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Patients with severe Alzheimer's disease who are living at home with family care givers and are treated with donepezil stabilise or decline more slowly than patients given placebo, according to a multinational, randomised, placebo controlled trial published in Neurology (2007;69:459-69).
Donepezil was approved by the US Food and Drug Administration last year for the treatment of severe Alzheimer's disease as well as mild to moderate forms. The Canadian authorities approved its use for severe forms of the disease in June 2007.
Sandra Black, of the University of Toronto and lead author of the paper, said that North American researchers were suspicious of the decision by the UK National Institute for Health and Clinical Excellence (NICE) not to fund donepezil for patients with mild Alzheimer's disease. She said that researchers thought it might slow decline in these patients. NICE only recommends its use in patients who have moderate Alzheimer's disease. And it recommends that the drug is stopped once the disease becomes severe.
The Neurology study shows that patients receiving donepezil maintained cognitive and global functions or declined more slowly than patients receiving placebo. These functions include memory; orientation; and day to day activities, such as dressing, bathing, and use of the toilet.
In the 24 week trial, 343 patients at 98 centres in the United States, Canada, France, the United Kingdom, and Australia were randomised to 10 mg of donepezil a day (176) or placebo (167). Patients were evaluated by testing functioning, cognition, and the burden on care givers at entry to the study and after 8, 16, and 24 weeks.
Dr Black told the BMJ that it was difficult to enrol patients because only about 10% of patients with severe Alzheimer's disease live in the community; most are in nursing homes. The study enrolled only patients who had never received memantine (Ebixa, Lundbeck), another drug used to treat Alzheimer's disease.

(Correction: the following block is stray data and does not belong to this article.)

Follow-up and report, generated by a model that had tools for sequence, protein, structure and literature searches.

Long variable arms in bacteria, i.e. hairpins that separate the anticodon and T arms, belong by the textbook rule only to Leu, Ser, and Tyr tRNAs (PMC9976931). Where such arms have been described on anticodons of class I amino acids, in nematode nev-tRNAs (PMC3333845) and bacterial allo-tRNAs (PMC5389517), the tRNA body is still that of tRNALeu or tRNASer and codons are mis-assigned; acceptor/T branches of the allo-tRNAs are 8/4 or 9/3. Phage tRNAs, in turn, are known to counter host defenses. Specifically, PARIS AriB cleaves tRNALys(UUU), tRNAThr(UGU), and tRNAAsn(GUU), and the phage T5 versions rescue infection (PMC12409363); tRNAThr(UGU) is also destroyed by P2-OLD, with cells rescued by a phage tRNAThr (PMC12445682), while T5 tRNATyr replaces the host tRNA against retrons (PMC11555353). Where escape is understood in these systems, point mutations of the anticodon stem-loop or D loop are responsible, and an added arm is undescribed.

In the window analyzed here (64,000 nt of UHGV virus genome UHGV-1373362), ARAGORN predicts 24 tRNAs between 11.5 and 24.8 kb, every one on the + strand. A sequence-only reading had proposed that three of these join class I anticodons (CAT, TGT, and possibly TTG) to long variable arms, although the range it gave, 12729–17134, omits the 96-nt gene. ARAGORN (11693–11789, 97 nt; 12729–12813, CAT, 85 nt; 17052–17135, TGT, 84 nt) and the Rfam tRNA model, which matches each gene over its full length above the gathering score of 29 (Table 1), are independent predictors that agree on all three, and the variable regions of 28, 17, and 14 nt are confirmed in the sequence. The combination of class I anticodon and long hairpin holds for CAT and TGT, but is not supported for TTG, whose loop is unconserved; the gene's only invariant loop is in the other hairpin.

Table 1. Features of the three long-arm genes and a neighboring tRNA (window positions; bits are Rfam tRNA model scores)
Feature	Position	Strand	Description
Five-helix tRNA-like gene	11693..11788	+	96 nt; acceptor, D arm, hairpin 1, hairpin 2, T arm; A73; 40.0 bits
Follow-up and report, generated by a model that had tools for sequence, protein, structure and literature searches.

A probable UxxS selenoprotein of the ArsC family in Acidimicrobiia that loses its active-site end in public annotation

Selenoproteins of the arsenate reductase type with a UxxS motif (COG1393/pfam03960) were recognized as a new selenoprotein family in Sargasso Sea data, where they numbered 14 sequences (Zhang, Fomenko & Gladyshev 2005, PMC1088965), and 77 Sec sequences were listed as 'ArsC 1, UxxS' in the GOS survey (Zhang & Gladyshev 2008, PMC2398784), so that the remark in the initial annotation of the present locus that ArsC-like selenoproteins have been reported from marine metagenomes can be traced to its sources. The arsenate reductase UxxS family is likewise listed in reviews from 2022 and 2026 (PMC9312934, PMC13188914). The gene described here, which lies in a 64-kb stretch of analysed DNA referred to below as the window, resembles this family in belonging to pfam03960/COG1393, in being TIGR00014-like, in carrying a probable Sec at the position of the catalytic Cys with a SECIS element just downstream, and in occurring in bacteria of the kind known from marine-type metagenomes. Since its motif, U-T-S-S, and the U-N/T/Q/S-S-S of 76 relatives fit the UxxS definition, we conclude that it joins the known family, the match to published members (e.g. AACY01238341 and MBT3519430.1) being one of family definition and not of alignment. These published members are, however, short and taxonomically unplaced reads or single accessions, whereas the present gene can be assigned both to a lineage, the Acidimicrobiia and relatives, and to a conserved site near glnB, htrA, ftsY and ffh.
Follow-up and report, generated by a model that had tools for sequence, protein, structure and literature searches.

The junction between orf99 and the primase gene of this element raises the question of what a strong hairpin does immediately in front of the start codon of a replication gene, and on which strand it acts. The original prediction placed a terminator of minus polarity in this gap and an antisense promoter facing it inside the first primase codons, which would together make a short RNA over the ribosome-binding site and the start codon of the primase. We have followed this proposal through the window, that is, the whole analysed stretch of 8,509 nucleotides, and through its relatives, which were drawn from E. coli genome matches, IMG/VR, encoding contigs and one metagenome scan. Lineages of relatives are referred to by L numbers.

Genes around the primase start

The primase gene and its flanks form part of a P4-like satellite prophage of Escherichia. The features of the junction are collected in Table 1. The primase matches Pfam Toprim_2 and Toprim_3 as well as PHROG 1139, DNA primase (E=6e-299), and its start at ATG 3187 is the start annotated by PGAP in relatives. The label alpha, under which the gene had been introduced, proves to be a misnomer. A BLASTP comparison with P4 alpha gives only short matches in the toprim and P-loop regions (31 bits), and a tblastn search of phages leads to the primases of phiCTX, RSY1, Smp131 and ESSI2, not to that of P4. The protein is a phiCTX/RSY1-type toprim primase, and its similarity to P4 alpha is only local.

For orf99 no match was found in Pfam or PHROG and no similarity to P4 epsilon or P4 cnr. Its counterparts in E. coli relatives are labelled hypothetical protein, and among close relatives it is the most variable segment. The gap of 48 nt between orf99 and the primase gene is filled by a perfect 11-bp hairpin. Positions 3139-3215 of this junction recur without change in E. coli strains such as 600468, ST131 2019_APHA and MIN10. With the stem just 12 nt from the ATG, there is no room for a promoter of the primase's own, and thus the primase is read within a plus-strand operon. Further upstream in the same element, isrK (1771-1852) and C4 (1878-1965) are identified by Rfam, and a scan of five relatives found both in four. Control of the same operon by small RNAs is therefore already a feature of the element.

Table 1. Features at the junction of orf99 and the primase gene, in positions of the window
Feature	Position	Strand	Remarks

Because patients with Alzheimer's disease continue to decline—although more slowly with drug treatment—it was hard to keep patients and family members motivated to stay in the study, she said.
Many families wanted to keep the patient at home. Although the costs in care givers' time are high, costs for institutionalised patients with Alzheimer's disease are much higher. Many patients in the study were taking other drugs, such as risperidone (Risperdal, Janssen-Cilag), but the two groups were randomised, and both groups were similar in terms of drug prescriptions, Dr Black said.
She said that patients given donepezil showed significant improvement compared with patients given placebo in the “severe impairment battery test” and in the “clinician's interview based impression of change plus,” which includes care giver's input. These test patients' social interactions and include simple memory tests. The clinician's assessment was done by a doctor who saw the patients at checkpoints but was not otherwise involved with the study.
Dr Black acknowledged support from sponsors of the study, Pfizer and Eisai.